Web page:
End-User Computing Puts IT Focus on Business Consumers

Digital transformation and software-defined data centers are sparking the need for IT pros who learn quickly and have a big-picture view.

By Brian Carlson

By Brian Carlson February 20, 2020

The end-user has become the center of the modern digital workplace. As the business consumer has become empowered by the consumerization of IT and advent of modern digital workflows, processes and tools, it becomes incumbent on IT departments to build user-centric technology services that are easy for business users to access, manage and operate at scale.

According to Ruben Spruijt, Sr. Technologist for Nutanix, in order to stay close to the needs of the business consumer of IT services, companies should focus on delivering those services anytime, anyplace and on any device the business consumer needs to access them.

“End-user computing is an umbrella term for technology people use to get stuff done,” said Spruijt.

Spruijt was CTO of Frame before it was purchased by Nutanix in 2018. Since then, he’s been responsible for driving vision, technology evangelism and thought leadership for Xi Nutanix. He said end-user computing (EUC) refers to systems that allow non-tech business users to create working applications so they can get their job done. It can be thought of as a group of approaches to computing with the goal of empowering users to create self-service solutions that allow them to move at the speed of a modern digital consumer.

“End-user computing is a broad term that consists of unified communication, a secure login, access to applications, mobile apps, desktop apps, web apps and the management of devices,” he said.

Focus on Business Consumer Needs

Spruijt stresses the importance of paying attention to the needs of the business user of IT services and delivering to them a trustworthy experience that allows them to solve problems and create solutions on their own. With that close relationship and understanding of the business consumer, IT can get a better understanding of the framework needed for delivering valuable end-user services, he said.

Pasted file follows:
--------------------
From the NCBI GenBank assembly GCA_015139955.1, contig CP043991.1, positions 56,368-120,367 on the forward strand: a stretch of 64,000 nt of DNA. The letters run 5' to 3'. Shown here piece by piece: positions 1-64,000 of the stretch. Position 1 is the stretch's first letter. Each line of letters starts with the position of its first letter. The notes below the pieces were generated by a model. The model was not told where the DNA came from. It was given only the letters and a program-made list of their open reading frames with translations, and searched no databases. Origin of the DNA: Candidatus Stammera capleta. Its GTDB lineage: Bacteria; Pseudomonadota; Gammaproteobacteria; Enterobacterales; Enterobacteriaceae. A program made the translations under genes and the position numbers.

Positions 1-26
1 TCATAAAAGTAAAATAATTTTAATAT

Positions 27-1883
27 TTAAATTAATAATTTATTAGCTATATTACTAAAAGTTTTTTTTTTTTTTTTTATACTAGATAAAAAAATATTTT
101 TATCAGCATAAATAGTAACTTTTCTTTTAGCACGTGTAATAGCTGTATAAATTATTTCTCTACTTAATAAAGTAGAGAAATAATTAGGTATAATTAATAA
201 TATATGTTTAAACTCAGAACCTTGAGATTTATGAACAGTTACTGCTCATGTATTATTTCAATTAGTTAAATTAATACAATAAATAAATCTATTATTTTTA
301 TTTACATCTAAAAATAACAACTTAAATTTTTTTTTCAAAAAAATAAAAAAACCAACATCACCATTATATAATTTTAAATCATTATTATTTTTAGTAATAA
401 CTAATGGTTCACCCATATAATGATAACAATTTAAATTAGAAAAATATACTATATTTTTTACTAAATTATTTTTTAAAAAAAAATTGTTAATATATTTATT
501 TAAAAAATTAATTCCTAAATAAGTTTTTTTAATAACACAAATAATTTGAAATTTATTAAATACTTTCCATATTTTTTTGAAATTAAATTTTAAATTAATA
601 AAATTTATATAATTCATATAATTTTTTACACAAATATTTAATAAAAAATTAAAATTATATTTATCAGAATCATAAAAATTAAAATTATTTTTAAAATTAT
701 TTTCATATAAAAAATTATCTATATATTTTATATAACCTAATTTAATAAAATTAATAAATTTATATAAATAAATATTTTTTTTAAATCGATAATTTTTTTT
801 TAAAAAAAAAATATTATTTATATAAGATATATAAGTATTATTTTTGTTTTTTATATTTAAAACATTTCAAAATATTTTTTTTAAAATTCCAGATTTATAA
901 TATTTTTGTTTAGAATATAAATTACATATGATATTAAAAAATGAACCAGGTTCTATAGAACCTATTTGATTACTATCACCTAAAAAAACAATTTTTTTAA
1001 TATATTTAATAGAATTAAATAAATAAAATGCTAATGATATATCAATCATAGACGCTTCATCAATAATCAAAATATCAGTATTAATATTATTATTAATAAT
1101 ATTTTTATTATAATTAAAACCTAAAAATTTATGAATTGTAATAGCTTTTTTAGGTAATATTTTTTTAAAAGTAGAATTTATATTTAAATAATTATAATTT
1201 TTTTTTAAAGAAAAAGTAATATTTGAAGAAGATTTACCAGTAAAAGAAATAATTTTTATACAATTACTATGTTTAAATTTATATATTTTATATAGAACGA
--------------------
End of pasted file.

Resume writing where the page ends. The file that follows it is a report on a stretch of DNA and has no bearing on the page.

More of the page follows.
“It is super important to stay very close to the business consumer of IT services, it gives great insights in current and new Application and Desktop delivery use-cases.”

Spruijt said that if IT gets too buried in reacting to business needs, and doesn’t pay enough attention to the need of the user of their services, the end-user can lose faith in ITs ability to work with them and deliver workable solutions.

He believes that IT should focus on balancing user needs with business needs. If business users get better productivity from these tools, it will serve the business goals as well. At the end of the day, it is about employee experience, making it easy and fun to get work done, attracting new end-users and retaining existing ones.

“If there is a huge gap between what the business consumer expects and what they get, they will not feel comfortable working with you,” he said.

Right Balance

Spruijt said focusing on customers first and foremost is easy when that means helping customers stay innovative.

"If you do what you love, you never have to work a day in your life,” he said. “It’s important to know that your personal identity is so much more than who you are and what you do in your daily job. It is part of a bigger plan and the bigger picture.”

Spruijt and his wife are raising three kids, which he describes as young adults.

“My biggest challenge is finding the right balance of passion for end-user IT computing and my family. To achieve balance, consider work-life integration as a viable option.”

With a healthy alignment to the core principles of his company, Spruijt said he has been able to maintain the life-work integration that he wants and Nutanix supports.

“The Nutanix family has four core principles,” he said. “Hungry, humble, honest and with a heart! These principles are what I love about Nutanix, but they also align with my desire for family-work integration that is very important to me.”

For people who have passionate pursuits, like Ruben, having a company and culture that fits with your worldview is critical to following your passion while still allowing for a rich family life.

“If you are really passionate about something, it’s important to have the right integration of these four cultural principals and a personal life.”

And something he tells himself every day: “The people who go furthest in life are the ones who are nicest to others.”

Brian Carlson is a contributing writer. He is Founder of RoC Consulting and was Editor-in-Chief of CIO.com and EE Times. Follow him on Twitter @bcarlsonDM.

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